Lord Krishna, the eighth avatar of Lord Vishnu, is one of the most charming, multi-dimensional figures in Indian mythology. Janmashtami, also known as Gokulashtami, Saatam Aatham, Ashtami Rohini and Srikrishna Jayanti, celebrates the birth of Lord Krishna, the naughty butter-thief and lovable cowherd, who had 16,108 wives (16,100 of whom he rescued from a demon and married for protection), who grew into a shrewd statesman and ruthless strategist on the battle field.
Krishna’s teachings are a judicious mix of worldly responsibilities combined with spiritual freedom and the most authentic way of celebrating Janamashtami would be to play the dual role of a responsible human being, while realising that everything earthly is an illusion—it is all “maaya”.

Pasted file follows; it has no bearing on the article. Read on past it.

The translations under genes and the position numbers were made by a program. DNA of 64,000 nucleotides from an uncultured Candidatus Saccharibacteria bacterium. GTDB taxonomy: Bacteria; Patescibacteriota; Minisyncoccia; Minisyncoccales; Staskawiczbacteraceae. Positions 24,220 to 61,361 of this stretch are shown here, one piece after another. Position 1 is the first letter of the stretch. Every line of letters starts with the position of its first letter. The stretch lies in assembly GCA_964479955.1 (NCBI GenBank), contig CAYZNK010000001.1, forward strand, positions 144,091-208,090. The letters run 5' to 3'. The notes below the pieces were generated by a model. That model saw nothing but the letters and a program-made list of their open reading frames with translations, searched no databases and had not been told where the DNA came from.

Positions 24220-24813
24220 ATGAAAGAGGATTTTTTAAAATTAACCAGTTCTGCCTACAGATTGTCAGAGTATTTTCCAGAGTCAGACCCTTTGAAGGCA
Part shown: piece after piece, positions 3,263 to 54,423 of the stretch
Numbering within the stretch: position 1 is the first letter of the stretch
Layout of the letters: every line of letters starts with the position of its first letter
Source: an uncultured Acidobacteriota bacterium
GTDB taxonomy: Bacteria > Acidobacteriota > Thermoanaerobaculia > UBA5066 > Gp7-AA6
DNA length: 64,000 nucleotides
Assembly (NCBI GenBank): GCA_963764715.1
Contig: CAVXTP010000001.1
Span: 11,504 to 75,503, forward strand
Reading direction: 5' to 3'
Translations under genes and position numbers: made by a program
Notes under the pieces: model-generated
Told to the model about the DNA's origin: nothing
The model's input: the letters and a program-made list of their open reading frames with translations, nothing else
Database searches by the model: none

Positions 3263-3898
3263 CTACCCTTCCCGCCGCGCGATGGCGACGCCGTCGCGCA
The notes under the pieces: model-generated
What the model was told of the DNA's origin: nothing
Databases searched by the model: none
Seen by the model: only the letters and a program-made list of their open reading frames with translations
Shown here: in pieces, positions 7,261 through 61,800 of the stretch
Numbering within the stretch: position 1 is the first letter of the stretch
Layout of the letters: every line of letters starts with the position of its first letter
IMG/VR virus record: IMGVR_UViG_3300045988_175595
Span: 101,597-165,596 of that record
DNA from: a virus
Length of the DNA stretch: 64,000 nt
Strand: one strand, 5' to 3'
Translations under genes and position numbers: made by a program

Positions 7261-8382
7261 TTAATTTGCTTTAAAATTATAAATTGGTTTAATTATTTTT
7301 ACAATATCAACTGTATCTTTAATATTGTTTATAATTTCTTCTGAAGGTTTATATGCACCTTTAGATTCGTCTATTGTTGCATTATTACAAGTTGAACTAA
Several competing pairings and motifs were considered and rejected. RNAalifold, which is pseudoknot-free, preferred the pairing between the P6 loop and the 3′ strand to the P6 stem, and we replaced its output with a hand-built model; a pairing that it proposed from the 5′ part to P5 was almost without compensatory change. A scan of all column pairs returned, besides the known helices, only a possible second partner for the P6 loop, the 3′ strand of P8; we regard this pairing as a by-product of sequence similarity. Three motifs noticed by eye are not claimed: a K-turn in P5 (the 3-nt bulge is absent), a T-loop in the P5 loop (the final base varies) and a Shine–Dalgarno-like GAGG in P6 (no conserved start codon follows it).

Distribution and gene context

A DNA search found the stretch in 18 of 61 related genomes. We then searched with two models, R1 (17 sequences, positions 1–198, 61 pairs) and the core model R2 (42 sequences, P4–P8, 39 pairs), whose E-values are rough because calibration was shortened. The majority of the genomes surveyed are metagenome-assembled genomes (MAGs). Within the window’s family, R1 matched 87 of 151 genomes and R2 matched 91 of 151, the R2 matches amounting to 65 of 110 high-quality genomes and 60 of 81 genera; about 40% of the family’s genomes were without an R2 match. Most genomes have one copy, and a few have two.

On this day, the Rasa lila, a dramatic enactment of Krishna’s life, is performed in regions of Mathura, Vrindavan and parts of Manipur. In other regions such as Maharashtra, the day is celebrated with Dahi Handi, the breaking of a pot of butter tied high up and reached by pyramids of young men or women. The players are known as Govindas or Bal Gopalas and reflects the naughty, butter-stealing side of Krishna.